On the 17th of November 2018, and following a previous September gig in Govanhill, we teamed up with hip hop crews and MCs from Scotland, England, Greece and Germany to hold the first volume of the ‘Breaking the Borders’ anti-fascist hip hop gigs.
We had several aims in organising such an ambitious night. Our main goal was to connect hip hop and anti-fascism, to loudly proclaim, as members of both the hip hop and the anti-fascist ‘communities’, that these two aspects of our lives can and should be united. As Twinsanity say in the beginning of the documentary, we firmly believe that ‘Hip Hop is a motherfucking weapon’. As participants of this culture, we have a responsibility to use it. Hip hop cannot stay silent when inequality and the far-right are on the rise all across the world. Despite the almost complete takeover of hip hop by big businesses, this culture remains firmly attached to its history of resistance. Our aim was to organise a festival of resistance.
Culture and political action don’t have to necessarily be disconnected from each other. Political action does not only have to be the stereotypical, bureaucratic, disciplined domain of long-term, semi-professional ‘activists’. It doesn’t have to be inaccessible. Political action is what we make it; therefore, one of our aims was to expand the reach of anti-fascism to the wider community through good music.
A connected aim was to showcase that, not only is it possible to have hip hop that is not sexist, homophobic, or transphobic, but also that people are able to do it without sacrificing anything in terms of lyricism or skill. In that sense, we aimed to address problematic facets of the culture we love and have been active in for years. All of the acts we brought together have a long history of speaking up in solidarity with oppressed groups, while at the same time making strong and unique music.
Another aim was to re-ignite the conversation against the commercialisation of music, while slowly working towards the creation of an autonomous, DIY ethic. Nobody who performed in Breaking the Borders was paid for their appearance. All of the money for their travel from Greece, Germany, and London was paid from our own pockets. This was greatly aided by the rappers in our previous, September gig, who also played for free to help us amass the required money to pay for plane tickets for Breaking the Borders. This event was even supported by people who weren’t even included in the original line-up, like Johnny Cypher and DJ Shelltoe Mel. In organising this, we weren’t trying to reduce the wages of professional musicians or trying to empower promoters who exploit their acts. We aren’t promoters. In the case that we succeeded making a surplus (which was always unlikely), it was clear from the beginning that it would go towards the movement, not in any individual’s pockets. We contacted people who are themselves in various ways connected to this movement, and they played for free because they believed in what they were doing. And we believe that this is an important outlook not only for music, but for life in general. Profit doesn’t have to come into everything that we do.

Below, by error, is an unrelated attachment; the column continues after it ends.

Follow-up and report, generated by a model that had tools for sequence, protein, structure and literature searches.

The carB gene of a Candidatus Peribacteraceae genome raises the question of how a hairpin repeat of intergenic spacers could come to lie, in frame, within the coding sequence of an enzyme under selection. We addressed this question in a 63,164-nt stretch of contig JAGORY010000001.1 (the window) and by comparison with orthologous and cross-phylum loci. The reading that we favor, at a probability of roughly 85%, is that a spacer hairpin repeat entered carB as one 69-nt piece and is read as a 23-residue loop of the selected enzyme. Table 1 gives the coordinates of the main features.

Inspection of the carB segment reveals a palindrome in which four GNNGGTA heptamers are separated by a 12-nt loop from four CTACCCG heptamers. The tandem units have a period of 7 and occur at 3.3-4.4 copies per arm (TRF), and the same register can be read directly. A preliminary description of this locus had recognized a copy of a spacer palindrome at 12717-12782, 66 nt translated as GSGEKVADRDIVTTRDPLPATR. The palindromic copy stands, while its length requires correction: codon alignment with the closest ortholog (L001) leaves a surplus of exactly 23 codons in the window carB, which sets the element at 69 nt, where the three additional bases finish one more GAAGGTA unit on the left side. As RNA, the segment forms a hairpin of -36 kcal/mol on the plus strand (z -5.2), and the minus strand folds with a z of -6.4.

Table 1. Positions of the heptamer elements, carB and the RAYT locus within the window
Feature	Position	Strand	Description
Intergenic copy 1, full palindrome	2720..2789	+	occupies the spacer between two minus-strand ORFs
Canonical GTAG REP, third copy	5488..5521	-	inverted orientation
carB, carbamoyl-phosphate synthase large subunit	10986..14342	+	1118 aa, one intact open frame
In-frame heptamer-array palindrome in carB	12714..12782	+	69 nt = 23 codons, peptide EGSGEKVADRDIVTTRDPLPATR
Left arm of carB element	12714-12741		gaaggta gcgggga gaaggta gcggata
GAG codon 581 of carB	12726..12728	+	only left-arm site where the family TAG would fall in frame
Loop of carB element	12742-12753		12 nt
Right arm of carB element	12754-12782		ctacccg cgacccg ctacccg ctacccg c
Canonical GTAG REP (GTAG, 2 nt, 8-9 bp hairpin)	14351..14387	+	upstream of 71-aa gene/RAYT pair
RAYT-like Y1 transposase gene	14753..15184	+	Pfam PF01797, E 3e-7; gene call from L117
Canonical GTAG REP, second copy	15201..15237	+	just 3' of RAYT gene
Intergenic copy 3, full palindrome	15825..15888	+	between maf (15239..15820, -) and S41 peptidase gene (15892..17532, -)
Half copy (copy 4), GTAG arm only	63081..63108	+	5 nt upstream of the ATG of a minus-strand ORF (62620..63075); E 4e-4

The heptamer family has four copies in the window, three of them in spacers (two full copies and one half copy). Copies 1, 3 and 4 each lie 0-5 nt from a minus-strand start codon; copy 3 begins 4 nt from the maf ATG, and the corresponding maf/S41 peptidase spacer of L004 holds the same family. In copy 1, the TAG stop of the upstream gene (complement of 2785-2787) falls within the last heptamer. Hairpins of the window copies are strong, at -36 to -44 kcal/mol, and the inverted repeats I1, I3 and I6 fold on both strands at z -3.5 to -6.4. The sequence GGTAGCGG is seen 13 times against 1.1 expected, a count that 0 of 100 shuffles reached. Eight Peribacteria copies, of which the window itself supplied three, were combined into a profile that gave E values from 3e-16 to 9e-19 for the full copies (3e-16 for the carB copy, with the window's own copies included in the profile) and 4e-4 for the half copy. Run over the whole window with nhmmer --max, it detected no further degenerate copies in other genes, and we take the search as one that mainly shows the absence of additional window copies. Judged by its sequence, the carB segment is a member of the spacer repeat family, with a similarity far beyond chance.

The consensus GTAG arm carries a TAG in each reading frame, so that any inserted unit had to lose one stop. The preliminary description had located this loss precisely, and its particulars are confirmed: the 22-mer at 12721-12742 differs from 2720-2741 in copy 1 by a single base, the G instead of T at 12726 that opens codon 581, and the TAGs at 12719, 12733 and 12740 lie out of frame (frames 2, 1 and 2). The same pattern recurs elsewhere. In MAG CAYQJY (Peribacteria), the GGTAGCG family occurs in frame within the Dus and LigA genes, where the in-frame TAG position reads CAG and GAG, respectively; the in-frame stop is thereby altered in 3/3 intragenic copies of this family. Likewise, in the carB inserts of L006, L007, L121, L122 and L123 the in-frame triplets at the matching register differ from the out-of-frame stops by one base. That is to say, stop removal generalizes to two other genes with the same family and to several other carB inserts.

This event was therefore only possible thanks to the combined efforts of more than 20 people. If we include those that came to the gigs to support, the number rises significantly. Nothing was done for profit; everything was done to support our ideas and each other. We didn’t have any financial help from charities, NGOs, or other well-wishers. We demonstrated that, with solidarity and cooperation, we can create spaces of laughter, expression and freedom, even if at this stage they only last for a few hours.
Organising this was difficult for a variety of reasons. As a collective, we had never done something like this. None of us make a lot of money from our jobs, and it was therefore especially hard paying for people’s travel. We wanted to hold an anti-fascist hip hop festival that could make some money for the movement; we ended up by barely breaking even (we finished £13 short). This was despite holding two separate events, each of which had a £5 entry fee.
Finally, at some point during the show some lyrics were heard which were perceived to be sexist. People came to us and complained about them and we promptly had a conversation with the individual concerned, who immediately apologised, informed us that he meant no harm, and accepted that it was a mistake. This individual has a long history of commitment to women’s equality and the specific phrase was used without thought. We thank the individual for taking this issue seriously. For those impacted, we apologise and accept our responsibility. We remain committed to organising radical events that are welcoming for everyone. Despite this incident, we hope that people enjoyed their time in our event, and we look forward to seeing you all again.
We want to thank everyone who came, connected with us, and showed us their support. Enjoy the documentary, and see you in Breaking the Borders Volume 2 on the 19th of October 2019 in the Ice Box!!!! Stay tuned for more!